Reform is rapidly changing the healthcare landscape, leading insurance marketers to evolve approaches that worked in the past — all while spending less on traditional marketing tactics. With the right efforts, insurance providers can cut costs and still find new ways to connect with consumers by putting them at the center, doing more with less and being more accountable to marketing dollars.
- Written by
- October 2013
Without question, the healthcare landscape has rapidly changed with the implementation of the Affordable Care Act (ACA). This shift is full of challenges, but they can be addressed by focusing on consumer outreach and building a brand that consumers look at in a new way.
The ACA’s “medical loss ratio” (MLR), or the “80/20 rule,” is one of the biggest changes healthcare marketers are facing. According to this regulation, 80% of premium dollars collected must be spent on medical care and consumer health improvement activities. That leaves only 20% of the money collected from subscribers for marketing, administrative costs and profit. This was signed into law in March 2010 (as part of the Affordable Care Act), but many marketers are still trying to figure out how to effectively trim costs while still getting the word out to consumers.
Another game changer is the introduction of health insurance marketplaces, which began open enrollment at the beginning of October. As we wrote last year, these exchanges intend to provide consumers with more options and easier access to purchasing health insurance. Some companies will be attracted to the private exchange option and drop their health insurance plans outright. They’ll instead give employees vouchers to purchase insurance from exchanges.
The big question: With the 80/20 rule limiting marketing budgets, how will insurers address consumers looking to buy on the new exchanges and orient themselves toward more accountable results?
Do more with less
Marketers are often asked to do more with less. And with the last recession not far behind us, this is more true than ever. The new MLR rules will only compound the need for belt-tightening. You could say that MLR actually stands for “More with Less, Really.”
To do that, advertisers need to get creative. Some companies are focusing on content to improve consumer health instead of traditional ad campaigns. Educating consumers on how health insurance exchanges work is a great example. We're seeing companies such as Aflac, Blue Shield of California and eHealth build web resources dedicated to explaining the ACA. These resources not only earn consumer love and strengthen brand recognition, they can come from the 80% section of MLR for improving consumer well-being. To quote the ACA directly, "In calculating its MLR, an issuer may allocate any percentage of its expenses to quality improvement activities."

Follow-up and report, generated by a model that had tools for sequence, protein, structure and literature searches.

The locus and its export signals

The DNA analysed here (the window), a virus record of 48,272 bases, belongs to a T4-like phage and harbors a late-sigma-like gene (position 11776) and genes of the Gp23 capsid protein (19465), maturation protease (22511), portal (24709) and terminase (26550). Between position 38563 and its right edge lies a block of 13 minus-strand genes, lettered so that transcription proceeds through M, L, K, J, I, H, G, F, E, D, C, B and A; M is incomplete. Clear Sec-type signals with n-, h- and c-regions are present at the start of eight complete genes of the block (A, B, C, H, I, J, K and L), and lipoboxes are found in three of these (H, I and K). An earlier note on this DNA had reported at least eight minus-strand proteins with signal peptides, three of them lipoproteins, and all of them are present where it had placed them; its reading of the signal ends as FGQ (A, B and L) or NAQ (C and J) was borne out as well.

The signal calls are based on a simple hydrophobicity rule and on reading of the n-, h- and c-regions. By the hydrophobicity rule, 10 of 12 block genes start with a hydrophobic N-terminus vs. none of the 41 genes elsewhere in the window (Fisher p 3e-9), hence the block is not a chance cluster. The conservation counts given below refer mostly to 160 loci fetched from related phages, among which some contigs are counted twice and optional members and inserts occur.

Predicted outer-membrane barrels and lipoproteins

This new content has a hungry audience that wants to know and understand healthcare reform. With a better online experience, marketers have a chance to redefine their brand and get consumers thinking about what you offer them — beyond health insurance — in a different light.
Breaking down barriers among your marketing team is also incredibly important for added efficiency, especially with your brand and direct response units. Ideally, your teams should be aligned across all channels. With consumer experience-focused marketing, branding efforts can strongly influence direct response activity to get a bigger bang in the marketplace.
Put consumers at the center
Health insurance has always been a B2B business, and the main goal was to sign businesses up for services. That’s still a good chunk of the market, but with the health exchanges, insurers need to sell primarily to consumers now. This means a stronger shift to B2C marketing and putting the consumer experience first.
The truth is, researching health insurance isn't an easy process. The new insurance exchanges will do some of the heavy lifting to make features and pricing more transparent, but it’s not enough. Health insurance sites still contain a deluge of information and you often have to download a PDF just to view information about specific plans. Brands would be smart to improve their approach to the customer — and fast. When people use the exchanges, they may want to look at your brand’s site for additional info. If they can’t find yours as easily as another brand, you could lose potential customers.